06-28-2012 03:57 PM
I'm a bit stumped. I've been trying to use the ISERDES2 and IODELAY2 to deserialize a 1080i TMDS signal running at a pixel clock of 74.25MHz. I've set up a PLL to get a bit clock (10x the input) and a half-pixel clock (2x input, deserializing 5 bits of a 10 bit pixel at a time), feeding a BUFPLL to get the SERDESSTROBE signal. The BUFPLL is set up #(.DIVIDE(5)) and is getting the bit clock from the PLL and the half-pixel clock from a BUFG. In simulation, everything locks up to the input clock and the BUFPLL generates a lock signal and a strobe, but when I test it on an Atlys board, the BUFPLL LOCK signal never goes high.
I checked for the presence of the pixel and half-pixel clocks out of the PLL by throwing together some counter dividers on the chip and blinking some LEDs. I also measured the frequency of the divided output and determined that it corresponded to the 74.25MHz input. Bringing the PLL lock out to an LED also shows that it locks up to a signal no problem. Is the BUFPLL just being optimized out of the design because I'm not routing the IOCLK output anywhere yet? Any ideas on how to troubleshoot further without a high-speed oscilloscope?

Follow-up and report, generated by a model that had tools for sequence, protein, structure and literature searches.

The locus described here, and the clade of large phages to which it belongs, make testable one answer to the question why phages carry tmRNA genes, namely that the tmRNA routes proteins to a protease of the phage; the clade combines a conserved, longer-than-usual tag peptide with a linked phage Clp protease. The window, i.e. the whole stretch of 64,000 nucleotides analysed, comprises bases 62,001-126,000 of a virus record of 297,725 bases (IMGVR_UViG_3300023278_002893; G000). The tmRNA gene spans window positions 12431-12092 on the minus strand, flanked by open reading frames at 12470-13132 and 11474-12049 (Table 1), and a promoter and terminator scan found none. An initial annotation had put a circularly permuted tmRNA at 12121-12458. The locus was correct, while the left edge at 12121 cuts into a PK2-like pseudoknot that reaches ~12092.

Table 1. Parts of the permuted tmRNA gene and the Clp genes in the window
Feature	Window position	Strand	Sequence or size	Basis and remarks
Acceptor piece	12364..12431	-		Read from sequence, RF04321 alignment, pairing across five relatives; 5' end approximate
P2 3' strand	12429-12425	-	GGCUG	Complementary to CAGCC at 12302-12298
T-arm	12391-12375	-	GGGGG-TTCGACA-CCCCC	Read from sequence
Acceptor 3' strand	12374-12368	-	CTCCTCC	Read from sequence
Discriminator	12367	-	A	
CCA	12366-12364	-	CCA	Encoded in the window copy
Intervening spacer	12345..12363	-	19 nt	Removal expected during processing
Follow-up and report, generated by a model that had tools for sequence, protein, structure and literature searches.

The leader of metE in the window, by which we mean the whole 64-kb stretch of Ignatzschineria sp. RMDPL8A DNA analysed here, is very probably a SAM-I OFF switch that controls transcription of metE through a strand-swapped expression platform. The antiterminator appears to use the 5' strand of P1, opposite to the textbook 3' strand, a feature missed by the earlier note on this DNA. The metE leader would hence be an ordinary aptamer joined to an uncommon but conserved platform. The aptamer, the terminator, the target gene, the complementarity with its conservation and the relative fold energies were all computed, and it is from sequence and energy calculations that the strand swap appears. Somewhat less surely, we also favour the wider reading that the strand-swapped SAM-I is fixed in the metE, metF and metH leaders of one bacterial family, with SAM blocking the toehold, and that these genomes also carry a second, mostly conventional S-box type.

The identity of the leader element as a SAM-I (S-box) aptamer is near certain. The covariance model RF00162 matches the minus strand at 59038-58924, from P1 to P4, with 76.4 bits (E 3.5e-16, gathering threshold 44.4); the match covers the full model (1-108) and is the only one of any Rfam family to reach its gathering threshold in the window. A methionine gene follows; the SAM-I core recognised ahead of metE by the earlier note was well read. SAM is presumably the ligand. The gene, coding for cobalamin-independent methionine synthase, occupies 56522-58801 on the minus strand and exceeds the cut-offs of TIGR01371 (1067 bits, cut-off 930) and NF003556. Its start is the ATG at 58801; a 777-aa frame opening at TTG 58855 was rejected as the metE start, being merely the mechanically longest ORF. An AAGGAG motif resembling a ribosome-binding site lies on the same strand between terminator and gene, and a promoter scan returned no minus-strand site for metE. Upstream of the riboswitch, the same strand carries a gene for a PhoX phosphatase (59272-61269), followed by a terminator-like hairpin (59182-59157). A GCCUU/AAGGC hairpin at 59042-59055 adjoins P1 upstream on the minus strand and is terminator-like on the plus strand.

Solved! Go to Solution.
06-29-2012 09:22 AM
Is the BUFPLL just being optimized out of the design because I'm not routing the IOCLK output anywhere yet?
Any ideas on how to troubleshoot further without a high-speed oscilloscope?
The simplest answer is to connect some load(s) to the BUFPLL IOCLK output. Until you do this, you shouldn't be too concerned about this problem.
By the way, the synthesis reports should warn you of trimmed logic, and the Design Summary reports the count of BUFPLLs and BUFPLL_MCBs (separately) in your design.
A 500MHz or better oscilloscope is still a very useful tool for hardware design, but the problem you describe does not (yet) require one.
-- Bob Elkind